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ZContemporary is an art gallery based in Hamburg, Germany, specializing in the management and promotion of visual artists with a focus on abstract painting. They believe in the inspirational and creative power of art on all levels of society and they recently joined the Kooness tribe! 

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Dear Andreea, Kooness is excited to have you and your gallery on board! Your curatorial selection of abstract art is impressive and we would love to hear more about how you scout emerging artists and how you begin your project. Would you like to tell us a bit about it? 

Thank you very much, I am also happy about our collaboration with Kooness! ZContemporary specialises in contemporary abstract art - and that's a pretty broad field. There are so many talented artists out there - some are well-known and established, others are just starting their careers. We get a lot of submissions, but I'm also always on the lookout for new talents. Social media, local and digital exhibitions are the main sources for me to find new talents. Nevertheless, it is important for me to keep a fairly small artist roster and a focused portfolio. I also always wish to have a good and close connection with the artists I work with. The person and their story are very important. Sure, the first glance is at the artworks. But then directly to the artist statement and the biography. 

 

Marija Nikolic, January, 2020. Courtesy ZContemporary.

 

Your gallery was born in 2019, just before Covid happened... We could say that you were not  really lucky with regard to timing. However, you stayed strong and you grew out of it. What strategies did you adopt? 

Oh yes, there were indeed no easy times to start a business. The gallery was established in November 2019, followed by several local exhibitions and a strong focus on digital projects. The lastest proved to be of great importance the following year (2020) when the pandemic broke out. When the lockdowns came, not only did we have to close the physical space, but we also had to shift our focus entirely to our digital projects. We started collaborating with online platforms, organised virtual exhibitions, social media work became crucial and our "Studio Stories" project was also launched. This approach helped us to stay "alive" and continue our work of bringing new talents into the art scene. Digital work is still a very important part of what we do. 

 

Miriam Smidt, Flourish fiercely, 2021. Courtesy ZContemporary.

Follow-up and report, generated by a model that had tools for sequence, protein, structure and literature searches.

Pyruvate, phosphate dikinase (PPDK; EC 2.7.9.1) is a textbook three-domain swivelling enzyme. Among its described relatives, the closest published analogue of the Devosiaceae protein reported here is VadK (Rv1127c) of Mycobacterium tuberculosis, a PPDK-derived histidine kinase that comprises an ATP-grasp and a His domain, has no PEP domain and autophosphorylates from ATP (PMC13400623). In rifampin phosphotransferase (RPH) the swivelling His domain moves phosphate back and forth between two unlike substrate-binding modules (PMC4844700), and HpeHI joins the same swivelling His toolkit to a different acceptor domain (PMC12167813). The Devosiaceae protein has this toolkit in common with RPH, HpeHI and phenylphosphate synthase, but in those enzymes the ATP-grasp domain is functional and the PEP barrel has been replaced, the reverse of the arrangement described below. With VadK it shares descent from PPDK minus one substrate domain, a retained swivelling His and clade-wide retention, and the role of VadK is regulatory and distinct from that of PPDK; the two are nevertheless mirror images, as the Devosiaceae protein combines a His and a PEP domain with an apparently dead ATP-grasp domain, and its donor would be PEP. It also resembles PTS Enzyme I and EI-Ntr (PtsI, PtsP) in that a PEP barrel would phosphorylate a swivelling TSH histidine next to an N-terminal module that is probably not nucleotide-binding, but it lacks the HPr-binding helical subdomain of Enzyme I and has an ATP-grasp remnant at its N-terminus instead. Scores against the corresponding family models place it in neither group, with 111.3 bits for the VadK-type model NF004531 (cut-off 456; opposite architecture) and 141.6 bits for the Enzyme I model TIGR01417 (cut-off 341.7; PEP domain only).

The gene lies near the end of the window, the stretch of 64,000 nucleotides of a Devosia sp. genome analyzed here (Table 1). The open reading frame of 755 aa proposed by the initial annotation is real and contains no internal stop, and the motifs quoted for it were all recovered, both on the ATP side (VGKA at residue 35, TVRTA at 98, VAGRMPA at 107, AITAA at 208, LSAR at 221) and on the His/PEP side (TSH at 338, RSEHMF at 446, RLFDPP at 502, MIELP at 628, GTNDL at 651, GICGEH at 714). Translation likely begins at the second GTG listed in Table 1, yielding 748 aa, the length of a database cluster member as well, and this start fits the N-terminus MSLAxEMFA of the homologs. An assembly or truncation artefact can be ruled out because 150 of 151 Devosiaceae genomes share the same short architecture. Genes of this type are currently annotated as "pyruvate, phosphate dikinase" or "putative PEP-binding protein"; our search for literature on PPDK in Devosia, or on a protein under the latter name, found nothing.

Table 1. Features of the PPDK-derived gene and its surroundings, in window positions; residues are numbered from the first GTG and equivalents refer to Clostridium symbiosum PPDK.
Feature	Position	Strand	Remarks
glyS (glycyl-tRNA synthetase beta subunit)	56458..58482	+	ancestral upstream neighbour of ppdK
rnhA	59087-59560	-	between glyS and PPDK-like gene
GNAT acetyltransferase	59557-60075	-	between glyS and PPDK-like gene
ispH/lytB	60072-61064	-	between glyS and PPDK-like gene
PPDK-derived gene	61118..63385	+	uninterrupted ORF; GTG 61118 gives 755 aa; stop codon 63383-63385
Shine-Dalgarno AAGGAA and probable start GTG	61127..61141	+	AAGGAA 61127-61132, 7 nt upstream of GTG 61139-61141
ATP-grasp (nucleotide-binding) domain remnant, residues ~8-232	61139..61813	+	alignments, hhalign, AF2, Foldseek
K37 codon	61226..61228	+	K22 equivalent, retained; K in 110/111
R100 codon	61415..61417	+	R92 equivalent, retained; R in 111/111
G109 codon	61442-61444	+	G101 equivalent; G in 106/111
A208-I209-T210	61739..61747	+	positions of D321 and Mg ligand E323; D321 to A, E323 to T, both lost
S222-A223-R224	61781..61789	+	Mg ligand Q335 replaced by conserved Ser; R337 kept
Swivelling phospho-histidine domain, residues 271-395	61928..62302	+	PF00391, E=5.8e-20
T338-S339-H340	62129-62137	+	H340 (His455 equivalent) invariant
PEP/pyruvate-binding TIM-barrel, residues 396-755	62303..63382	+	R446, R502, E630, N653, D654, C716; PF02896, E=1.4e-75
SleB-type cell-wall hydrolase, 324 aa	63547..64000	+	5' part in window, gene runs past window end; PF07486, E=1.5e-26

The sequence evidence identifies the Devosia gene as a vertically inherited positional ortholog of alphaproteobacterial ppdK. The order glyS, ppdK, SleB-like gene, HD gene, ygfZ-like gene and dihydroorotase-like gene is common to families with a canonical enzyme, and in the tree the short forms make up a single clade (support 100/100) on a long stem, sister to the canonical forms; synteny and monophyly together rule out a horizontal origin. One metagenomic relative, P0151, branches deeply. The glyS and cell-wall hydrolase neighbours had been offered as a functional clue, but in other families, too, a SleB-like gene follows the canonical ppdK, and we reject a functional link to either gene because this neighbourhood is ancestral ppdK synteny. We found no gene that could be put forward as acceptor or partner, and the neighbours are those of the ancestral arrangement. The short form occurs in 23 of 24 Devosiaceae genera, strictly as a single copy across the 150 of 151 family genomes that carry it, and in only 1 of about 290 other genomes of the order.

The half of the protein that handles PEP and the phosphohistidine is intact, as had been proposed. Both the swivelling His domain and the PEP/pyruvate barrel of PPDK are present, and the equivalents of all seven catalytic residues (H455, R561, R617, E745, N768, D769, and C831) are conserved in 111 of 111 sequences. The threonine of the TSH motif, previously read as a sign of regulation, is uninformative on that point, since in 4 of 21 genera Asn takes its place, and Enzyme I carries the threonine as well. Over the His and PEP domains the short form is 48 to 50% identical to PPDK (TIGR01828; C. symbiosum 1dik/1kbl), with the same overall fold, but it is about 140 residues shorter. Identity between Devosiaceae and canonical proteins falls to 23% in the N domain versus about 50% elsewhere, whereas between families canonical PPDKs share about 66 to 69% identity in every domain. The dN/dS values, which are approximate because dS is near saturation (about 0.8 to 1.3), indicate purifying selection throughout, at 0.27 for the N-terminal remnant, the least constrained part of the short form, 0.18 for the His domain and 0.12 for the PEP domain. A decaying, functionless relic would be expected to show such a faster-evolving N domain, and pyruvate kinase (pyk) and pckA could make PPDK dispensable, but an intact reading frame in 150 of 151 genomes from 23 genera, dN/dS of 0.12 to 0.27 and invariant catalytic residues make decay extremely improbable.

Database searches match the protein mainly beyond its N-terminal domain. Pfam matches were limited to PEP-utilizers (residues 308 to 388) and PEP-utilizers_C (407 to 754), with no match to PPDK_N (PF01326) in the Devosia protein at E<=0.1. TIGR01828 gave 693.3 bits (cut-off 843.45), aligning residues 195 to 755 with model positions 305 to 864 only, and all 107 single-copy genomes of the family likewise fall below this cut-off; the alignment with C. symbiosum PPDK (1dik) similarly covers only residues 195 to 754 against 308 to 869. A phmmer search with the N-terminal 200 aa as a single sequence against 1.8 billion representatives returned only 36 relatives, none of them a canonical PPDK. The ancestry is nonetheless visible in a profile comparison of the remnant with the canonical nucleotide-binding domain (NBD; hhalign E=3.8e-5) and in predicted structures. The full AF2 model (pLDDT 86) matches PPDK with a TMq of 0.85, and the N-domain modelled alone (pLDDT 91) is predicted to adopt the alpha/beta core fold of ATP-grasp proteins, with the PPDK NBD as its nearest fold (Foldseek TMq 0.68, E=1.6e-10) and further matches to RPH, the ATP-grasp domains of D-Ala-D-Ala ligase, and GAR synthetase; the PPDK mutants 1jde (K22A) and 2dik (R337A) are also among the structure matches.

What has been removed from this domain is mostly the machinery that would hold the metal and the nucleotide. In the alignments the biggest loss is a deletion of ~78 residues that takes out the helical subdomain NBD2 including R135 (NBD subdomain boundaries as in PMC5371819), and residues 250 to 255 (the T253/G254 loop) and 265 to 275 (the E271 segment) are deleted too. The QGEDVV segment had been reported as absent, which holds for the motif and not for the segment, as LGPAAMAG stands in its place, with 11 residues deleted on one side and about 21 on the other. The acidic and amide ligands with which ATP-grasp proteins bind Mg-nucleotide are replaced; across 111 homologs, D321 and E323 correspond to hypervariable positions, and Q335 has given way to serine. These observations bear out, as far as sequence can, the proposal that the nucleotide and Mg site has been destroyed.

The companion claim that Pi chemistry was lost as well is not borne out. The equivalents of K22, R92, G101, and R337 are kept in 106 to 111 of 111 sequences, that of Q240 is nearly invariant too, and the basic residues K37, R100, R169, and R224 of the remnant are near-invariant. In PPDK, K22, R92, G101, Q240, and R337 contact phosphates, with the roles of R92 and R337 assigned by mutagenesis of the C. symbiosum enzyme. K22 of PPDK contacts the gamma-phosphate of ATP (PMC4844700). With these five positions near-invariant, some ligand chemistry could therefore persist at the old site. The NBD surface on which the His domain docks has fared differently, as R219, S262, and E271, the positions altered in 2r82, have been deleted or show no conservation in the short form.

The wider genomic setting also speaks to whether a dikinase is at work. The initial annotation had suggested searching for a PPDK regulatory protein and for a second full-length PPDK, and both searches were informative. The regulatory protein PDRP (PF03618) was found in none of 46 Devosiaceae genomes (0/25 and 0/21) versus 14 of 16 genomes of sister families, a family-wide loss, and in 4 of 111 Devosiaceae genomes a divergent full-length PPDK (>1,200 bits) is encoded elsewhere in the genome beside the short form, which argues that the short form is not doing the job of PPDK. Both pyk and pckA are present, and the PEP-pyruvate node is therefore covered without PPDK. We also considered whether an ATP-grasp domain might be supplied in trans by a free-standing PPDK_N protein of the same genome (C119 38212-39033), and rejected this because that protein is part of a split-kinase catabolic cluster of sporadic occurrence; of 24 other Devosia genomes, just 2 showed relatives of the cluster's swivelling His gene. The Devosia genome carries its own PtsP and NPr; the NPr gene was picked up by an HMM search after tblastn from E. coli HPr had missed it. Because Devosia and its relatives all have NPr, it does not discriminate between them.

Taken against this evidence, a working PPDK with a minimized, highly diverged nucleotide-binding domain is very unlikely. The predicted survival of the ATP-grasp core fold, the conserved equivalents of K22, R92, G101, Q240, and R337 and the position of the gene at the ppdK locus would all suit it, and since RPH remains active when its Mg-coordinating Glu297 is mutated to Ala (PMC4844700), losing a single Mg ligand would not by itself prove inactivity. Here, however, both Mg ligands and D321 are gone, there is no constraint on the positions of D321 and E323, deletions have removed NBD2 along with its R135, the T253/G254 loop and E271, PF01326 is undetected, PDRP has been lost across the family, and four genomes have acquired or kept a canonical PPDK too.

The International Art Scene is rapidly changing these days... Before being a gallerist you have longly been a painter, according to your experience, how is the European art scene changing?  Did you register any interesting trends in these last years? 

There have been many changes in the past three years. The art scene was hit much harder by the pandemic than expected, leading to massive fluctuations in both buying behaviour and artists' practices and goals. Everyone has tried to go digital - a difficult transition for many. Virtual exhibitions and art fairs instead of physical exhibitions, massive focus on social media, then the NFTs. The art scene is still changing - buying art online is more common but not yet established enough. Artists are becoming more versatile in terms of their projects. Online/offline - the boundaries seem to be slowly dissolving. In the current global situation, we all observe the general uncertainty. Nevertheless, people need art, visit exhibitions, go to art fairs, buy art (although on a small budget lately). Many visitors to our last exhibitions in Hamburg thanked us for the opportunity to "get out of their heads" - to have a change of focus, if only for an hour. Art gives hope, it transports us to a better place. And for the artists - hard times are challenging, of course, but also the most creative...

 

Lloyd Tabing, A little patch of grass, 2021. Courtesy ZContemporary.

 

What about the transaction to digital art? We would love to hear more about your ideas on this expanding media and the transaction to Web 3.0. 

The NFT market is receiving enormous attention and is expanding rapidly. What started as a "hype" for many seems to be here to stay. Sales of digital artworks are going through the roof, which is probably also due to the perfect timing offered by the pandemic circumstances.  I personally believe that both digital and physical art will co-exist and have their "followers". Many are suspicious of all the hype surrounding digital art, others are fully "on board". As an investment tool, digital art seems to be gaining more and more terrain and value in the art scene. 

Thank you very much for the pleasant interview! 

 

Courtesy ZContemporary.

 

Cover image: Gabriele Huesgen, Not able to plan, 2020. Courtesy ZContemporary.

 

Stay Tuned on Kooness magazine for more exciting news from the art world.

 

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